Solomon’s Decision

There is a never ending stream of popular press articles in Germany about creation versus evolution (ZEIT Wissen 1/2006:58 reports that 50,4% of all German believe in creation). Much of the controversy between ID-activists and evolutionary anthropogists is about timescales. Why can creationist not accept that

Ps 90:4 For a thousand years in your sight are like a day that has just gone by, or like a watch in the night.

Anthropogists may find a new review on coalescence methods interesting that finds

If the importance-sampling distribution is well chosen, the algorithm will perform well, otherwise, it will perform poorly. Unfortunately, unless we have a good idea of the correct answer from some alternative source, it is not obvious whether the algorithm is working well. Once again there is significant scope for intuition when choosing the importance-sampling distribution. The method is as much art as science. [sic!]

or another review:

… new results contradict early but still influential conclusions that were based on analyses of gene trees from mitochondrial DNA and Y-chromosome sequences

where the search for the most recent common ancestor by haploid marker is expected to result in shallower times. A recent letter in Nature on “Dogma, not faith, is the barrier to scientific enquiry” offers a nice compromise, that can be read twice:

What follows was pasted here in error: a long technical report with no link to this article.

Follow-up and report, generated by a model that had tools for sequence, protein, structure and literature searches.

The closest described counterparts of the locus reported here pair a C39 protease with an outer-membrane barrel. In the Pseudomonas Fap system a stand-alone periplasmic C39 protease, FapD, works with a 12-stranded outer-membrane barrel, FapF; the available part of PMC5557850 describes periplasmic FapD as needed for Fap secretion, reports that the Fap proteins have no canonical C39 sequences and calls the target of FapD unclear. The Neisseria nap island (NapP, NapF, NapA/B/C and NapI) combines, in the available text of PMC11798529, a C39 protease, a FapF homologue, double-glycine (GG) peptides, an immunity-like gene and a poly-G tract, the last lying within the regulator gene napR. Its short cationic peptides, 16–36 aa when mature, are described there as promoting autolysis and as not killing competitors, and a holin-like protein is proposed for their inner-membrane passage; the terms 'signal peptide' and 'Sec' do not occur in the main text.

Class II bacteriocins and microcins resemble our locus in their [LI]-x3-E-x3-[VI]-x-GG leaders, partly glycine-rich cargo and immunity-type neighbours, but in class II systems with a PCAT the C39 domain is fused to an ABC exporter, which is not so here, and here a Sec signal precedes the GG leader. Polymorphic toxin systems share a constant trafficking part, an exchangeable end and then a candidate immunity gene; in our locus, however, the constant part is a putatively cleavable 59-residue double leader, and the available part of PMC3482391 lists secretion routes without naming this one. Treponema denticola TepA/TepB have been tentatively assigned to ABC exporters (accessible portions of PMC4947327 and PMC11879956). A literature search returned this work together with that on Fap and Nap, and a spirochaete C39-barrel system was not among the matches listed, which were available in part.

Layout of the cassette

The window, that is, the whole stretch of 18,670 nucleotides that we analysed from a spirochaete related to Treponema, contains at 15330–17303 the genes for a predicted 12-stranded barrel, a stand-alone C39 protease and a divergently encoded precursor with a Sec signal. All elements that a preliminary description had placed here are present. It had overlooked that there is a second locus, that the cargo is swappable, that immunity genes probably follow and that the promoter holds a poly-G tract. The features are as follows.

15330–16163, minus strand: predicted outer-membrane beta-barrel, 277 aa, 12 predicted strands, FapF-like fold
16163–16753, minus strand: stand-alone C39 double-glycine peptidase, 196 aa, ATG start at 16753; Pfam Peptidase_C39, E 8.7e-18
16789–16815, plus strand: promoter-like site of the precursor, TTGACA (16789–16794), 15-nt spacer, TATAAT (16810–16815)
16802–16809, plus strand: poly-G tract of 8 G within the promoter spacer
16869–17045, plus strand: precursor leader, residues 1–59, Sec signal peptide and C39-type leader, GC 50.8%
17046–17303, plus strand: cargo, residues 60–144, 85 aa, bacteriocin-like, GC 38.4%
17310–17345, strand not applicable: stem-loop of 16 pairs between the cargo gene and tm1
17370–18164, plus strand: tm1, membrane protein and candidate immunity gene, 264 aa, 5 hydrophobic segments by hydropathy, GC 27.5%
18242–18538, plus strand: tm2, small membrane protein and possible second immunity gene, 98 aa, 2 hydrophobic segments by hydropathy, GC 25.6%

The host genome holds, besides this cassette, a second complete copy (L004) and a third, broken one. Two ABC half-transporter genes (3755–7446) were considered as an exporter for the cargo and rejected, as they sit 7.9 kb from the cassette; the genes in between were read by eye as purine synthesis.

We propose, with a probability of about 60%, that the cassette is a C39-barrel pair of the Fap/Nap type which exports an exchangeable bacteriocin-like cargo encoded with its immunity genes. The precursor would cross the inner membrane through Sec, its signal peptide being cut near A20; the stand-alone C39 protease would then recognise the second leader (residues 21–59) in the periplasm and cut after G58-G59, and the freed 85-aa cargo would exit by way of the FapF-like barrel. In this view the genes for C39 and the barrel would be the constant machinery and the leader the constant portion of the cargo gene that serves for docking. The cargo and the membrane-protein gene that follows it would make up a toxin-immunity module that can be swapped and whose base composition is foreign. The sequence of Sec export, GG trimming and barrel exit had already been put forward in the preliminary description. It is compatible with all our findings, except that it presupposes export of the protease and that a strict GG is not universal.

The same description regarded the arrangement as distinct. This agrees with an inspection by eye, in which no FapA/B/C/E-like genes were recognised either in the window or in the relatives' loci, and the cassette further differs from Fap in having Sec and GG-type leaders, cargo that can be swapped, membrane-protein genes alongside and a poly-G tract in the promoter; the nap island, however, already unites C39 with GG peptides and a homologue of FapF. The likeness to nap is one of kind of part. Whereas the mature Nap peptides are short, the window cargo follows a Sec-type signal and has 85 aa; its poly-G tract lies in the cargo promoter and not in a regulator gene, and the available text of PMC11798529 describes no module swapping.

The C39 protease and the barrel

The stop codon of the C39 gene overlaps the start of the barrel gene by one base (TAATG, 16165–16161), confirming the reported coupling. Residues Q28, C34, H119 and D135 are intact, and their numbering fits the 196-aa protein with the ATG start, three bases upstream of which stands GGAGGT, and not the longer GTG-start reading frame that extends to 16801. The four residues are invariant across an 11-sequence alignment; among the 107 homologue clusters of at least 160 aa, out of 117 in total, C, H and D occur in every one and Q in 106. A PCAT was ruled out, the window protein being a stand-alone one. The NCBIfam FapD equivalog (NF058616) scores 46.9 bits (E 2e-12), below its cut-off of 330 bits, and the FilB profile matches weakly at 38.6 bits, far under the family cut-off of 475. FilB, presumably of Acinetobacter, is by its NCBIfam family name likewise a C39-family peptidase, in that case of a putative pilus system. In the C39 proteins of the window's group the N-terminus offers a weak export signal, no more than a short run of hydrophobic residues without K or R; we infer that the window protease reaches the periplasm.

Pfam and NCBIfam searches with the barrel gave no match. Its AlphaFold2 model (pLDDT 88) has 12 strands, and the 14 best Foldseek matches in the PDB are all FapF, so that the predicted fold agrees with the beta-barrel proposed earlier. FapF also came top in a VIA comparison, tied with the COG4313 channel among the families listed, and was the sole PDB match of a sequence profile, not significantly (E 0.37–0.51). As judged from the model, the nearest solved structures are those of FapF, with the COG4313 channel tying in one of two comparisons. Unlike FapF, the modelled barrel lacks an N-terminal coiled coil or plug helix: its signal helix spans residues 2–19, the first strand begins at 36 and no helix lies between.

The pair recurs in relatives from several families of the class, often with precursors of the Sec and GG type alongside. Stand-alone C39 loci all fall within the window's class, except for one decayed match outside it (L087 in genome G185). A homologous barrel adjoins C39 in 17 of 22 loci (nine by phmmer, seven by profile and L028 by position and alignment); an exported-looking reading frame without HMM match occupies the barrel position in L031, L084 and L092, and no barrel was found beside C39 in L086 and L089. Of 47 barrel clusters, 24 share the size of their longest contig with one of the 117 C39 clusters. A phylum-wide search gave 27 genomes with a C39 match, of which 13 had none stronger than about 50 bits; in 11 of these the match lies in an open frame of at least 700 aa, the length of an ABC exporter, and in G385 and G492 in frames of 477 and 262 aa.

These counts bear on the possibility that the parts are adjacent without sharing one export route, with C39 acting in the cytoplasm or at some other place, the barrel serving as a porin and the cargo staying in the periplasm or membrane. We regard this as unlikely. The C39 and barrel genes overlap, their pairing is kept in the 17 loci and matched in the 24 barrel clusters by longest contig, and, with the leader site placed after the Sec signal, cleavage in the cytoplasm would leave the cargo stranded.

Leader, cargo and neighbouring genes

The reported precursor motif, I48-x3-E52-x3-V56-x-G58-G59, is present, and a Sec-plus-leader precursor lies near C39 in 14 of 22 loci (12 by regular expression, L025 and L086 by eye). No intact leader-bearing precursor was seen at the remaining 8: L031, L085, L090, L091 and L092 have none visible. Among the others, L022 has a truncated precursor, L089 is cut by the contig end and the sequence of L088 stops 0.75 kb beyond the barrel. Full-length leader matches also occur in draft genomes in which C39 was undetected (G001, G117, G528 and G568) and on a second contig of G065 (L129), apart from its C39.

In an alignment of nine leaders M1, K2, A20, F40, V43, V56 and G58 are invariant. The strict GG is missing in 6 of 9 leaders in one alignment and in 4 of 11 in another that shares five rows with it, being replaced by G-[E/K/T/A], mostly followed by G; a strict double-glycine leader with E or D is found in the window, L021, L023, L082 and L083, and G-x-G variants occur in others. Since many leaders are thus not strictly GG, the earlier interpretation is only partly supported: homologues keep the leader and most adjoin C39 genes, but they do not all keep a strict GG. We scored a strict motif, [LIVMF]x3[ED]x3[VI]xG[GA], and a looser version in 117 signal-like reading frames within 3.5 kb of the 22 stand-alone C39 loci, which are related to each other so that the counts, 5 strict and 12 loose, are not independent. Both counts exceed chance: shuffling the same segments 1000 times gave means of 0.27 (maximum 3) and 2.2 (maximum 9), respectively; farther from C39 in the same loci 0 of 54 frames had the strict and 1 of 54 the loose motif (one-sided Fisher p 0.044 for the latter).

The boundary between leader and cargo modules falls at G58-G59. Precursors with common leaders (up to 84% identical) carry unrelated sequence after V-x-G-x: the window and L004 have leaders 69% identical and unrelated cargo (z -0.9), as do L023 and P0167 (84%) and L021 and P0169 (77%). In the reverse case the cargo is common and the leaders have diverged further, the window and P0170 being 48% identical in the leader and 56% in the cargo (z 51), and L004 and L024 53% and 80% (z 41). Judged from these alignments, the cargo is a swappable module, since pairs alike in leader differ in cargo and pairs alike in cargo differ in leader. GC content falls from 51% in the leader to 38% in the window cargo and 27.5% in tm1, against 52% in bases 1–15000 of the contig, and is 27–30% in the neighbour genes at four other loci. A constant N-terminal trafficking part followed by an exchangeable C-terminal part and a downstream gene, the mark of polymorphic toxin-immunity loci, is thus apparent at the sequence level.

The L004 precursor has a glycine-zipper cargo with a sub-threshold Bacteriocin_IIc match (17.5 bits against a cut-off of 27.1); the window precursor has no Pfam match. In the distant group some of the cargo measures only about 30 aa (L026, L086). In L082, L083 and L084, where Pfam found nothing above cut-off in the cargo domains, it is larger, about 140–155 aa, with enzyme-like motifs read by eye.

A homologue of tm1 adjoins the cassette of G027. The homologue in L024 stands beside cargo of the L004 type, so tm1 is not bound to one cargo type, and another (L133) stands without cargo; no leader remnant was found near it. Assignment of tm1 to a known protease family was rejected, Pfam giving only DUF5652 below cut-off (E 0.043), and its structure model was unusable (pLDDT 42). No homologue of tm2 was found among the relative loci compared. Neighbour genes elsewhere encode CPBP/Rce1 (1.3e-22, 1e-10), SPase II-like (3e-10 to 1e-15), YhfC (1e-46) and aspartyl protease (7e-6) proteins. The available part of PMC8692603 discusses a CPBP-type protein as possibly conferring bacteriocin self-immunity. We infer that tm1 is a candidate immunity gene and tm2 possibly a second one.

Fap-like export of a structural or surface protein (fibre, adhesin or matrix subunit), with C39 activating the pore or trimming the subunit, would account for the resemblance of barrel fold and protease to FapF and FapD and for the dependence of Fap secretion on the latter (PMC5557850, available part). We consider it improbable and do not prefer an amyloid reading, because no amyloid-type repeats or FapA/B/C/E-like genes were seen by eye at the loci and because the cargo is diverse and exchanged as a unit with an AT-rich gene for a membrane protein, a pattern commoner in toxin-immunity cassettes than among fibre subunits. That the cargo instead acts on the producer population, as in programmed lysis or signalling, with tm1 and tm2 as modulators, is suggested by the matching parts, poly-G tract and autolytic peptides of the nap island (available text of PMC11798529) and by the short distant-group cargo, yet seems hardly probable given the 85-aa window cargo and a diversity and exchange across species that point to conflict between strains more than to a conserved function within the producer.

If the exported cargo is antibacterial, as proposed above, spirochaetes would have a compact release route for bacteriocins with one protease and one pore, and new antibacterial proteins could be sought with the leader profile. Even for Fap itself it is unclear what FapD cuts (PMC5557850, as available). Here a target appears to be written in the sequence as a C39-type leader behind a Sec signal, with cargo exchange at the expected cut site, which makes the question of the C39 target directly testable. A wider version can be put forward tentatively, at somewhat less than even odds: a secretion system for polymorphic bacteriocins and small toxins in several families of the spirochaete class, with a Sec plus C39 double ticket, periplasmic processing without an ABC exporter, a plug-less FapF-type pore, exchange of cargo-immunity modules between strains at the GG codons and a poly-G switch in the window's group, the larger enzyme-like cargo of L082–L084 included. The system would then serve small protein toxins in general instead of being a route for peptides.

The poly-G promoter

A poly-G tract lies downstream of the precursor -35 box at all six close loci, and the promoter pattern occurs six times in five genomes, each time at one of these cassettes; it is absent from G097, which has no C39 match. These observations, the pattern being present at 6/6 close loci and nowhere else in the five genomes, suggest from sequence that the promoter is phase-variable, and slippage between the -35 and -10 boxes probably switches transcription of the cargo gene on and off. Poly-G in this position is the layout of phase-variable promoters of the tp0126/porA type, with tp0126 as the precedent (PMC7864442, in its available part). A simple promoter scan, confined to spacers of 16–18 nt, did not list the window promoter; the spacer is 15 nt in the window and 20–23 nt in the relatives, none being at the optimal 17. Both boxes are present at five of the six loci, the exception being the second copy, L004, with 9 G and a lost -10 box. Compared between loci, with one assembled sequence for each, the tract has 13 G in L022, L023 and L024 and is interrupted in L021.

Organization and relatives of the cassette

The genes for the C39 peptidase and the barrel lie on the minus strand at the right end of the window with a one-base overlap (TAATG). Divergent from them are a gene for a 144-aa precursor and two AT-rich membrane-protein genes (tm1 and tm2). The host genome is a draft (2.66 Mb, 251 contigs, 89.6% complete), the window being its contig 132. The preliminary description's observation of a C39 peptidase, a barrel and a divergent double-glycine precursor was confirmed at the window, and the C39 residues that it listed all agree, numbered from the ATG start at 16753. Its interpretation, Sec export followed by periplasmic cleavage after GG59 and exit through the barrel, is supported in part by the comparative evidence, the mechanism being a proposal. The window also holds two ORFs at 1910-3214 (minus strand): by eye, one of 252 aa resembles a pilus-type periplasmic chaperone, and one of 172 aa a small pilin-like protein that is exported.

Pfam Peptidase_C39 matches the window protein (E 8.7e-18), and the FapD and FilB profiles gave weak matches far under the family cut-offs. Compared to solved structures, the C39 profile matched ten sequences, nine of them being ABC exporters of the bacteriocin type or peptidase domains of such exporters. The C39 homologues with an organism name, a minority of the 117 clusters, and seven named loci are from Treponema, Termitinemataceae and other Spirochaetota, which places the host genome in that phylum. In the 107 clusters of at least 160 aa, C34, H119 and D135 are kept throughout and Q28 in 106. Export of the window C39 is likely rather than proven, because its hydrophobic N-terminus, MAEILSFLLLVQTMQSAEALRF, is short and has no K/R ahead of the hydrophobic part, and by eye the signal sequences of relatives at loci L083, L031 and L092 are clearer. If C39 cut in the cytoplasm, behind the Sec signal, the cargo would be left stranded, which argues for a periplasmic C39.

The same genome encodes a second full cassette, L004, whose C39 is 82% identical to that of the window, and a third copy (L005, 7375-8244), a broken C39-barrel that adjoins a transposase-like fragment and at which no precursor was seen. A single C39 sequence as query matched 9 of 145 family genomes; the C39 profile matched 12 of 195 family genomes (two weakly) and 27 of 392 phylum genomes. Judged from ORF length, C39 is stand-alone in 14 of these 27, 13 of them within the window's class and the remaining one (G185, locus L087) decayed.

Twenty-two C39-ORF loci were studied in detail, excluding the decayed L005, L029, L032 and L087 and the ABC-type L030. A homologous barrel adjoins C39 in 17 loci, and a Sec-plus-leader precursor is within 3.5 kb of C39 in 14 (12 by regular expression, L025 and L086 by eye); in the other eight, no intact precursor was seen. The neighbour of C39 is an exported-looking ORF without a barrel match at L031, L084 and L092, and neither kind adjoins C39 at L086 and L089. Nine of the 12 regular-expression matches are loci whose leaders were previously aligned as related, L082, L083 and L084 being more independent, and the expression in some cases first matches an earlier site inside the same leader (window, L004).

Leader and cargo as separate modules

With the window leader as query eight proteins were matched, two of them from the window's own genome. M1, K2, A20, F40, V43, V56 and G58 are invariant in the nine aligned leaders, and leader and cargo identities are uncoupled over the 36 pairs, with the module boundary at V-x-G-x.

In a famous article, “Nothing in biology makes sense except in the light of evolution” (Am. Biol. Teach. 35, 125–129; 1973), Dobzhansky described his religious beliefs: “It is wrong to hold creation and evolution as mutually exclusive alternatives. I am a creationist and an evolutionist. Evolution is God’s, or Nature’s, method of Creation.”
In contrast to modern creationists, Dobzhansky accepted macroevolution and the documented age of Earth. He argued that “the Creator has created the living world not by caprice (supernatural fiat) but by evolution propelled by natural selection”.
He collaborated for many years with Ernst Mayr, who, when asked about his religious views, replied: “I am an atheist. There is nothing that supports the idea of a personal God. On the other hand, famous evolutionists such as Dobzhansky were firm believers in a personal God. He would work as a scientist all week and then on Sunday get down on his knees and pray to God” (Skeptic 8, 76–82; 2000).

Yea, yea.